Ignacio Anaya García, the Genius Who Invented Nachos, Is Being Honored With a Google Doodle

AnnaPustynnikova/iStock via Getty Images
AnnaPustynnikova/iStock via Getty Images

Before nachos became one of the most beloved snack foods in North America and beyond, they were invented on a whim by a maître d' working in Piedras Negras, Mexico. Even if you've never heard Ignacio Anaya García's full name, you've certainly seen his nickname, "Nacho," in the appetizer sections of countless restaurant menus. On what would have been his 124th birthday, Google is honoring the culinary innovator with his own animated Doodle.

García was born in Mexico on August 15, 1895. His proper first name was Ignacio, but he went by the shortened version Nacho—a word that was not yet synonymous with tortilla chips covered in cheese.

In 1943, García conceived the dish that made his name famous. He was working at the popular restaurant Club Victoria near the Texas-Mexico border when a group of soldiers' wives from a nearby U.S. Army base came in to order a snack. The chef was nowhere to be found, so García temporarily abandoned his post to whip up something himself. His recipe—tortilla chips topped with grated Wisconsin cheese and sliced jalapeños—was dubbed Nachos especiales.

The creation was an immediate hit. Neighboring restaurants added their own versions of Nachos especiales to menus, and as early as 1949, a recipe for the snack appeared in an American cookbook. García never claimed legal rights to the dish, and it's still in the public domain today. But the Nacho behind nachos wasn't forgotten. Within 17 years of serving the first platter, he opened his own restaurant called El Nacho.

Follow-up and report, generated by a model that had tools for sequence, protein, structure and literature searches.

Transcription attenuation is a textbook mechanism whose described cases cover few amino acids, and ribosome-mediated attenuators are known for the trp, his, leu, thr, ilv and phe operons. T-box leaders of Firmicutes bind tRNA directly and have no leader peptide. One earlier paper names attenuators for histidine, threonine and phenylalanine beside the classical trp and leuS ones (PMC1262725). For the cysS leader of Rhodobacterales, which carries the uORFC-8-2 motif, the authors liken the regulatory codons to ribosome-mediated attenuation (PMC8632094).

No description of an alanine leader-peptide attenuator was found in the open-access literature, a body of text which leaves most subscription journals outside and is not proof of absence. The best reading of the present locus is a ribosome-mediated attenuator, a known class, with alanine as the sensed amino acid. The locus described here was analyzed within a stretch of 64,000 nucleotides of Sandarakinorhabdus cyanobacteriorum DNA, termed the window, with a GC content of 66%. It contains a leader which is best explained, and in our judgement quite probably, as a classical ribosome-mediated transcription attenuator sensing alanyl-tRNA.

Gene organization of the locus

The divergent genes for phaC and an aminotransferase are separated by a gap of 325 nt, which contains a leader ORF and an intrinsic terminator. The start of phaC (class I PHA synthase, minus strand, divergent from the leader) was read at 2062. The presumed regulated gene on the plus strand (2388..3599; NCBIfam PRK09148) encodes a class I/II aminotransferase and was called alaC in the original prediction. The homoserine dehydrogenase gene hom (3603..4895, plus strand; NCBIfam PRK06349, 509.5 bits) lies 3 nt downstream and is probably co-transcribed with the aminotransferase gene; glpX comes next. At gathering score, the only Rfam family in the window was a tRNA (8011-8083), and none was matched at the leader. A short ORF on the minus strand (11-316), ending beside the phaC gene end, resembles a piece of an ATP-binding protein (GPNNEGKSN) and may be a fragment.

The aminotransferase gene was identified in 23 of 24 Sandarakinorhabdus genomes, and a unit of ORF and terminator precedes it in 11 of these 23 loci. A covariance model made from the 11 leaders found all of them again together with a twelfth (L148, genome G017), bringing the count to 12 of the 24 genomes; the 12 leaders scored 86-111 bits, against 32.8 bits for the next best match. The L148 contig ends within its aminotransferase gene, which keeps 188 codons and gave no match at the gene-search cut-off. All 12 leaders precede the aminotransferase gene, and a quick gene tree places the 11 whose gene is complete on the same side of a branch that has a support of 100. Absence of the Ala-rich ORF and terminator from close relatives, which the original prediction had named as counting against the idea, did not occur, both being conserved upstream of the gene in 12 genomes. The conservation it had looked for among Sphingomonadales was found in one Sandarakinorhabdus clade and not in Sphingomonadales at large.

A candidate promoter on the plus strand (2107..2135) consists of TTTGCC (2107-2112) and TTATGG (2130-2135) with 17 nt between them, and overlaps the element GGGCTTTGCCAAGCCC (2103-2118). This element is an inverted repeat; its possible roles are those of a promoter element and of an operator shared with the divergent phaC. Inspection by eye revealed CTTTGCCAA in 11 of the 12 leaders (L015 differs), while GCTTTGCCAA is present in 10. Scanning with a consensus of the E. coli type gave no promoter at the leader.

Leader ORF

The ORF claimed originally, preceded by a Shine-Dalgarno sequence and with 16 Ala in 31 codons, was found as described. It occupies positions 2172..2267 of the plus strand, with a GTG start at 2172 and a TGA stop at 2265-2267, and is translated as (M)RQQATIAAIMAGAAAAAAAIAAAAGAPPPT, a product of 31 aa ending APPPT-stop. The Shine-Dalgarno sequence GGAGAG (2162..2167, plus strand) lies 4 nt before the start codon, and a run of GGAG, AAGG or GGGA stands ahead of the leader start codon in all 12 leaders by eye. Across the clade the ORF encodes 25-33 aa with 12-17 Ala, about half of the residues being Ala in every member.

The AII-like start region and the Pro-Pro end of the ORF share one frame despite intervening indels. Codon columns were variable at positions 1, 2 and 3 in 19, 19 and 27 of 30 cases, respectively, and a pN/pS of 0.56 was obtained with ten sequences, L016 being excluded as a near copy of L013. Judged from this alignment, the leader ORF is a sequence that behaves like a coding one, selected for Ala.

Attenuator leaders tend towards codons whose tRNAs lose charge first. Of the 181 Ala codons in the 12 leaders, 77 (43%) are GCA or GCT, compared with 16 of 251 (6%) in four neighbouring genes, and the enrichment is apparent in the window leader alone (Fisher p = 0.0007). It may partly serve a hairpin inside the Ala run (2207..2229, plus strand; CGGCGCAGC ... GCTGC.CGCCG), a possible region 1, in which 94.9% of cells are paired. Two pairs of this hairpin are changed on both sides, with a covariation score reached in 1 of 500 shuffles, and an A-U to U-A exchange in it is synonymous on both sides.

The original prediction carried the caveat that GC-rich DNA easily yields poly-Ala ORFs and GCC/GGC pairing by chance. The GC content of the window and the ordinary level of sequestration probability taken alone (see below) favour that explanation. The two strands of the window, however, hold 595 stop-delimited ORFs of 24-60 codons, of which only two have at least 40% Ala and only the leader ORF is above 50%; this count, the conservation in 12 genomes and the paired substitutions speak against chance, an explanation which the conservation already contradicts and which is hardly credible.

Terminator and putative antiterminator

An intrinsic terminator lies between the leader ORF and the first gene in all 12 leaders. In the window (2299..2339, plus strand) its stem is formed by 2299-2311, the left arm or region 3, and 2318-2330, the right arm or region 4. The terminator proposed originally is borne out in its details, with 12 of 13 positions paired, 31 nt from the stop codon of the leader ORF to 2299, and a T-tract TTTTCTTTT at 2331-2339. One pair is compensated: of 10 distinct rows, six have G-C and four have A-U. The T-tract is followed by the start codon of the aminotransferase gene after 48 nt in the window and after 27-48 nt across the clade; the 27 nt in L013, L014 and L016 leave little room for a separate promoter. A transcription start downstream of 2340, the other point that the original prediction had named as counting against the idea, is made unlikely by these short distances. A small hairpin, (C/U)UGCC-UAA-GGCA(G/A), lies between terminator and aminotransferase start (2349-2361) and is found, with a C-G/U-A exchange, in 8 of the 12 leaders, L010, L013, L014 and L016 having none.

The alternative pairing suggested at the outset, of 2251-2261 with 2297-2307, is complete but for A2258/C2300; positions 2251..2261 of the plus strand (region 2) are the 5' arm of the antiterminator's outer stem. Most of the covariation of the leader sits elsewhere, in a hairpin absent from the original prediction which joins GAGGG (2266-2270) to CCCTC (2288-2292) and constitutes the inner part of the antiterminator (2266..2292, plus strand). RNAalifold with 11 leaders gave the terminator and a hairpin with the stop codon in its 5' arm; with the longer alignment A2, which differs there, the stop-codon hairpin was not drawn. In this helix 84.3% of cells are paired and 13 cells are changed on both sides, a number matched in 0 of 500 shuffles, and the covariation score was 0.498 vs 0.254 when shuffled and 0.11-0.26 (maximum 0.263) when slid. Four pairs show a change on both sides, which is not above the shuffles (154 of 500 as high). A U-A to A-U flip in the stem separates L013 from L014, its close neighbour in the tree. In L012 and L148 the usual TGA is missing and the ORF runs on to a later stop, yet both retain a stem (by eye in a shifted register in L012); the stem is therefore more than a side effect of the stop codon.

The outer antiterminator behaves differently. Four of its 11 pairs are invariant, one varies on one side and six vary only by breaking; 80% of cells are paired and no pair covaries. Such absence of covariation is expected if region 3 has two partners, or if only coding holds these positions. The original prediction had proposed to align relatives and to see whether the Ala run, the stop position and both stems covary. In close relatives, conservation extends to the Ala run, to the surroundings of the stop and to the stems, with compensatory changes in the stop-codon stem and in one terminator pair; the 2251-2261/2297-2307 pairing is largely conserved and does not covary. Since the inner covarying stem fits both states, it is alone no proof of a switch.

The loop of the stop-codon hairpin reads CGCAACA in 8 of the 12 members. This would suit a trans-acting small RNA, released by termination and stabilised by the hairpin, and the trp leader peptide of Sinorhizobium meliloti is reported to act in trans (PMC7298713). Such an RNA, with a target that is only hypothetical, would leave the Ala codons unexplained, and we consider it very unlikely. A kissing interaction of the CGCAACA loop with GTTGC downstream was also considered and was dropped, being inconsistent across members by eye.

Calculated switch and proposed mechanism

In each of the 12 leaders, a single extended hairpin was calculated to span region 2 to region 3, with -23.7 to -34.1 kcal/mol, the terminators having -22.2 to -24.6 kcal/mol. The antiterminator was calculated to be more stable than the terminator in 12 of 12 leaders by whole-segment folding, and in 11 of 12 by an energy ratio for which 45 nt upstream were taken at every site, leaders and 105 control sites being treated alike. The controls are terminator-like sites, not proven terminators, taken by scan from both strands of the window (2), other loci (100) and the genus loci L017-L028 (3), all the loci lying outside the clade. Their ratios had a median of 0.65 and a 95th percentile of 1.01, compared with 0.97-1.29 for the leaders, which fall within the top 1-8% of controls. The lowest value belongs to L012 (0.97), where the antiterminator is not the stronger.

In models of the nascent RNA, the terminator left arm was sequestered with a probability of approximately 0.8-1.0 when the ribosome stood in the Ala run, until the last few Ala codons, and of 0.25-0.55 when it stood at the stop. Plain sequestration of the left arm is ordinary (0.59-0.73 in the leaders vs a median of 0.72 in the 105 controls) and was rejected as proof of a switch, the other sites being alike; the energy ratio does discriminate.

Google Doodle of Ignacio Anaya Garcia.
Google

Today's Google Doodle, animated by Mexico City-based artist Alfonso de Anda, recreates Nacho García assembling his namesake dish. "I hope people get an instant crave for a snack after they see the Doodle," de Anda told Google. "I also hope that they instantly drop whatever it is they're doing and satisfy that craving."

If you've ever enjoyed a plate of nachos, you now know who to thank for them.

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The Clever Reason Oranges Are Sold in Red Mesh Bags

Gingagi/iStock via Getty Images
Gingagi/iStock via Getty Images

If a detail in a food's packaging doesn't seem to serve a practical purpose, it's likely a marketing tactic. One example is the classic mesh bag of oranges seen in supermarket produce sections. When oranges aren't sold loose on the shelf, they almost always come in these red, mesh bags. The packaging may seem plain, but according to Reader's Digest, it's specially designed to make shoppers want to buy the product.

The color orange "pops" when paired with the color red more so than it does with yellow, green, or blue. That means when you see a bunch of oranges behind a red net pattern, your brain assumes they're more "orange" (and therefore fresher and higher quality) than it would if you saw them on their own. That's the same reason red is chosen when making bags for fruits like grapefruits or tangerines, which are also orange in color.

For lemon packaging, green is more commonly chosen to make the yellow rind stand out. If lemons were sold in the same red bags as other citrus, the red and yellow hues together would actually make the fruits appear orange. Lemons can also come in yellow mesh bags, and the bags for limes are usually green to match their color.

Next time you visit the supermarket, see if you can spot the many ways the store is set up to influence your buying decisions. The items at eye-level will likely be more expensive than those on the shelves above and below them, and the products near the register will likely be cheaper and more appealing as impulse buys. Check out more sneaky tricks used by grocery stores here.

[h/t Reader's Digest]